Utterly drained

They were no more than girls, a Japanese and a Singaporean, and they gave everything they had to their game of table tennis. The Japanese lost but the cameras showed she was utterly drained. She had given the best her mind and body could give.

The Olympics are amazing: they celebrate the stretching of men and women to achieve their limit. They symbolise all the efforts of people to reach their best: students, artists, explorers, but also single parents rearing their children under hard conditions, sick or disabled people facing each day, destitute people feeling the effects of bankers’ profligacy.

Henri Nouwen was a Dutch priest who wrote books that touched people deeply and gave talks that filled large halls. But at the end of his great efforts he often felt totally empty and used to phone anyone he could think of who could just listen and give him some support. He looked so strong in public. The reality was he was quite broken by his giving of himself.

Elijah had a similar experience. After destroying the prophets of Baal he ‘went into the wilderness, a day’s journey, and sitting under a furze bush, wished he were dead’ (I Kings 19:4).

Even Jesus himself was drained at times by the constant failure of the people to understand despite his best efforts. ‘Stop complaining,’ he almost shouts at them. And then he says, ‘no one can come to me unless he is drawn by the Father’ (John 6:44).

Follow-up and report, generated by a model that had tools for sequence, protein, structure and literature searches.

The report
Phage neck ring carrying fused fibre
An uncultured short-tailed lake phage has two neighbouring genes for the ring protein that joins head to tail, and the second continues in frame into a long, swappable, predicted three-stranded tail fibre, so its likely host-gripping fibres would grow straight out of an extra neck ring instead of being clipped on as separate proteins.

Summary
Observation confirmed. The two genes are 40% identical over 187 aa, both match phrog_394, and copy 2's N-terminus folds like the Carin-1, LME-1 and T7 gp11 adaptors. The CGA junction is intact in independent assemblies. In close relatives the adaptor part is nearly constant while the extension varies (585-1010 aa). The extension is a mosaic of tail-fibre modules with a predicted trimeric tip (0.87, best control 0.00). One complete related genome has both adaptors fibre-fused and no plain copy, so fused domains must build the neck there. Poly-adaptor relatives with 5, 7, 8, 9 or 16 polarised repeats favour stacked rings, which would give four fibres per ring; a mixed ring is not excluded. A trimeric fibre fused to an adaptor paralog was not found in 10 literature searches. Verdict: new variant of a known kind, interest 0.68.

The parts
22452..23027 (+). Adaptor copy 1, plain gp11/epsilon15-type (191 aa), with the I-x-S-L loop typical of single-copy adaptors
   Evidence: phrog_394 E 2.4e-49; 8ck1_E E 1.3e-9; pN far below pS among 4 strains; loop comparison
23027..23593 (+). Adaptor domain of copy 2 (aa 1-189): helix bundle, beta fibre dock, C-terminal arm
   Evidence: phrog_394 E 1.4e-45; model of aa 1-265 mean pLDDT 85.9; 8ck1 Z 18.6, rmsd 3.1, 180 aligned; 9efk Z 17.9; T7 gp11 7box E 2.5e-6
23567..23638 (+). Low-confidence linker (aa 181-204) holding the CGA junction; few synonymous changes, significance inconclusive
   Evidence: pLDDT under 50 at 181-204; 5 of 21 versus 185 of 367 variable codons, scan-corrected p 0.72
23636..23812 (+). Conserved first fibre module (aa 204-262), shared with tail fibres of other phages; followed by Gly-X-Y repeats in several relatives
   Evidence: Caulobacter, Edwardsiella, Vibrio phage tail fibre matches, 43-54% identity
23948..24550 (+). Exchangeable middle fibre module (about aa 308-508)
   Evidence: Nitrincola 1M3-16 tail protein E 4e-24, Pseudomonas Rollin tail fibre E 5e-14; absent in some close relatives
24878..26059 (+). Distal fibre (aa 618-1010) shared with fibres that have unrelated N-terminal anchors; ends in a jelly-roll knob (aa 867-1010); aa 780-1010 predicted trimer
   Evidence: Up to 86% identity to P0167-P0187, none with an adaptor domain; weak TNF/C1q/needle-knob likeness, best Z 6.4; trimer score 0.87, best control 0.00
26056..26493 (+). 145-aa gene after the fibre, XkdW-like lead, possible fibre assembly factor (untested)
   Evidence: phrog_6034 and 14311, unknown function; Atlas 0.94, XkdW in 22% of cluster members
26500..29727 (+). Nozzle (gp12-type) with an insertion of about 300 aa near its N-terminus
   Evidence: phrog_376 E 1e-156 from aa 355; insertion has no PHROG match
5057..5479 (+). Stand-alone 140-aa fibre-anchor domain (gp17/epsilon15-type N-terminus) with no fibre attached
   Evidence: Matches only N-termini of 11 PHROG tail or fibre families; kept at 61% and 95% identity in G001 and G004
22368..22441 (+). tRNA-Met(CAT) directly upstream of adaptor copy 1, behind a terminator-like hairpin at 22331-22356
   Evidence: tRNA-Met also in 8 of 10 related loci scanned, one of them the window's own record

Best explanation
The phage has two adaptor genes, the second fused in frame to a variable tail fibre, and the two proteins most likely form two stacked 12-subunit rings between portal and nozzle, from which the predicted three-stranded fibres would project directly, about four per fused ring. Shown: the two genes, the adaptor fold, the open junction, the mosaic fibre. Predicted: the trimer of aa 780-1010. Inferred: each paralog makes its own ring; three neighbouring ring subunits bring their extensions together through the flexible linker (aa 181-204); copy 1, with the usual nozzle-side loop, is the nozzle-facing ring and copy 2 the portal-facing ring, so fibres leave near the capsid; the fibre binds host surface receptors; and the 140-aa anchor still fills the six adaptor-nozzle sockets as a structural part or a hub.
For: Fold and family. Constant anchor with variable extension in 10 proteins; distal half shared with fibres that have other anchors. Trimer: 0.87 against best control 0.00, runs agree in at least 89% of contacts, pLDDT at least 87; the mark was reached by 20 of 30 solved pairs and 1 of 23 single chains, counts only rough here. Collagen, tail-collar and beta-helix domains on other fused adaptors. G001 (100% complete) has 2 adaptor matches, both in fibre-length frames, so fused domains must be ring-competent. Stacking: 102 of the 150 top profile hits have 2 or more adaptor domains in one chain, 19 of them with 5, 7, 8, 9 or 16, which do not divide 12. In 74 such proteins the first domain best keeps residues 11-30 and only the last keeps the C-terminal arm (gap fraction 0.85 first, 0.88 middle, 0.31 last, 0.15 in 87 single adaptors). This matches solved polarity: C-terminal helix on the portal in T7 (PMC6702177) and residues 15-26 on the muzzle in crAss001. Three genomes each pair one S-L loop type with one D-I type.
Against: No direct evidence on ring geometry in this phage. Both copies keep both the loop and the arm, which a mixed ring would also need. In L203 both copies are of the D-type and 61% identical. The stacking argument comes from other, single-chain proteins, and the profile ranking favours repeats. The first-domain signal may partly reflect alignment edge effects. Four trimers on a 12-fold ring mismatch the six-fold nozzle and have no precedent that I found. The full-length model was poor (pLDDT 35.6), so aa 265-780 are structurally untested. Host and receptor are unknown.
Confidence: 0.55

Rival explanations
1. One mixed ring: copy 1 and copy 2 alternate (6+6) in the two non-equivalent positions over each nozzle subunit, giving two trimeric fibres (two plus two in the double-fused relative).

There comes a point in human endeavour where a person can do no more, go no further. They have in a sense given all that humanity can give. This is the very point where they touch the divine, because to touch the limits of our experience is to discover, in the end, our poverty. And this poverty, this limit, is the doorway to the divine.

‘Blessed are the poor in spirit’ Jesus says because they are the ones open to the life God offers (Matt. 5:3). ‘For it is when I am weak that I am strong,’ says Paul, boasting that it was precisely the extremes to which he was driven that opened the way for the Spirit to work through him (2 Cor. 12:10).

This divine life is called many things but in John 6 it is ‘the bread of life’. We are thrilled by the Olympics because they show the best that we can do and we share the joy of the winners for a moment. But we can also see them as a threshold of the divine when the best that is human is drawn to enter ‘life to the full’ (John 10:10).

Post published in: Faith

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